As a non-resident Odia for eleven months a year at that time -i.e., the pre-Covid -19 time – I too felt uneasy. Thousands of non-resident Odiashave strong roots in Odisha, have been educated in Odisha, have their parental homes in the villages and the cities of Odisha, read Odia newspapers on the Internet regularly and listen to Odia news and bhajans on the television channels. But they do not speak “pure Odia”. I am one among them. Should we, for that reason, be made to feel guilty as linguistic offenders?
I soon recovered from that sense of uneasiness and failure and started wondering when the speakers of Odia were speaking pure Odia. We cannot think of pure Odia as that Odia which does not contain words from any Dravidian, tribal and Indo-Aryan language, barring Sanskrit. So let’s characterize pure Odiaas Odia that does not contain words from any “language of foreign origin” by which we mean “European languages”, because Persian cannot be thought of in the eighteenth or even the seventeenth century as a “foreign” language for obvious reasons. Now, the non-fictional writings of Fakir Mohan Senapati (1843-1918) contain Portuguese and English words. Given this, it is difficult to think that in his time Odias used their language unmixed with words from these languages. In his time, Odiasfrom Northern and even coastal Odisha spoke Bengali-mixed Odia as well. So when was pure Odia spoken and written? What was it like?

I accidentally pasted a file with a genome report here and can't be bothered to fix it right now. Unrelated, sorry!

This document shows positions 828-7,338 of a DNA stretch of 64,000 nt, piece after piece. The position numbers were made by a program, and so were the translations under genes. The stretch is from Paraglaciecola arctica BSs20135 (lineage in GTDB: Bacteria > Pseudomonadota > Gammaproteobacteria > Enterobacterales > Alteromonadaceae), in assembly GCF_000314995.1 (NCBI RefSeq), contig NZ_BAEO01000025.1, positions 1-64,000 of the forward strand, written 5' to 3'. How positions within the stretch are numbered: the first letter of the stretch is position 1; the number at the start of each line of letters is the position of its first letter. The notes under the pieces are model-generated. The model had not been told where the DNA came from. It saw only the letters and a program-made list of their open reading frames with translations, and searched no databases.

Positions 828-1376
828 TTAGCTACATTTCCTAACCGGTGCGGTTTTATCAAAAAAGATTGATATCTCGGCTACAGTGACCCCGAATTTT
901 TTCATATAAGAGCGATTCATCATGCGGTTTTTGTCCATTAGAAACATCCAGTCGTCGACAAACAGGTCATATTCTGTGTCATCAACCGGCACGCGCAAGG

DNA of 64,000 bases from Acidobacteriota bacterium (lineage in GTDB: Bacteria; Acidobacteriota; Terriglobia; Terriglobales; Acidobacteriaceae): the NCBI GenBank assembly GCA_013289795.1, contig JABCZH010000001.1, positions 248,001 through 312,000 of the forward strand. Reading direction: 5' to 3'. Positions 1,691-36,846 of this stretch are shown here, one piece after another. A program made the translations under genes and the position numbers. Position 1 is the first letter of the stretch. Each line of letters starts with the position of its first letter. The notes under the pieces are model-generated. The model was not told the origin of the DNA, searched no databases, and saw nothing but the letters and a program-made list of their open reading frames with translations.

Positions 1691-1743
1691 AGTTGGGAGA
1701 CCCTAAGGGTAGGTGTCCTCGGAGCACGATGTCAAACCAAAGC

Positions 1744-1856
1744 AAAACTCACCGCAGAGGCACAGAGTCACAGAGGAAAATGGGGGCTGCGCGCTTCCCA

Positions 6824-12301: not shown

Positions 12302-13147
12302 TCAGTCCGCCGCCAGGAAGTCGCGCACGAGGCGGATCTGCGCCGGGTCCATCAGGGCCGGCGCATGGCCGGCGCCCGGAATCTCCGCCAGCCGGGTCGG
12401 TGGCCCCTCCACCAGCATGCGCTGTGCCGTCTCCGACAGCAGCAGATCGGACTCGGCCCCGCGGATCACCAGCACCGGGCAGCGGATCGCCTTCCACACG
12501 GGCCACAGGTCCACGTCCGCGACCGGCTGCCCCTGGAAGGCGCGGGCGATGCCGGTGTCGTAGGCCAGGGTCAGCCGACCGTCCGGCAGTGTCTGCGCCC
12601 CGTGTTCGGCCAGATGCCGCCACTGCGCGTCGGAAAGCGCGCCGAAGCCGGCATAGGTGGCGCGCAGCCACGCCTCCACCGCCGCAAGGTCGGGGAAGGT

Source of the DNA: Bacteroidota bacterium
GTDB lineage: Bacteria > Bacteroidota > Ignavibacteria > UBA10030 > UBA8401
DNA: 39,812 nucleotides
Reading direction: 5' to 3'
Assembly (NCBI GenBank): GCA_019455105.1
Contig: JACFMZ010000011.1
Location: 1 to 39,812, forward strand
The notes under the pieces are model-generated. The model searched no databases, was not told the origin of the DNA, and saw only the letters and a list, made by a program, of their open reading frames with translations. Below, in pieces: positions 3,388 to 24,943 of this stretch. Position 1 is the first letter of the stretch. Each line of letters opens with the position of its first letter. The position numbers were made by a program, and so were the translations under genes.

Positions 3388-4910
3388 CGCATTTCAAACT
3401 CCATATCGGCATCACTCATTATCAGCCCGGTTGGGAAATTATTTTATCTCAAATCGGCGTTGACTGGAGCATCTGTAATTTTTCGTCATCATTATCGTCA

But whatever it was like, it cannot serve as the model for us today. We have to reconceptualise pure Odia in the present context. The world for us has changed and our lifestyle has changed. Naturally, new words are needed to answer our linguistic needs. So, not by choice but by compulsion, we use words from English when we speak – “English”, because our access to and understanding of the outside world has been mainly through English. English, for us, has been the main language of modern knowledge.
I do not think people have a fondness for mixing. True, sometimes one mixes either to show off (there were a few in my college days in the late fifties and early sixties but these days no one is likely to be impressed) or to make fun of someone’s linguistic habits, etc. These are exceptions. People mix when they feel there is a communicative need. They use English words when their own language does not have popular words for the same. For instance, the words sat (shot) and pas (pass) as in the Odia utterance “(the coach shouting at the player during a football match) sat kahinkimarilu, pas DeLuna (Why did you shoot (literally, kick a shot) instead of passing)? Sometimes in informal speech many tend to use a popular English word in preference to a tatsma (Sanskritized) equivalent: niujpepar (newspaper) is more commonly used than sambadapatra and skul to Vidyalaya.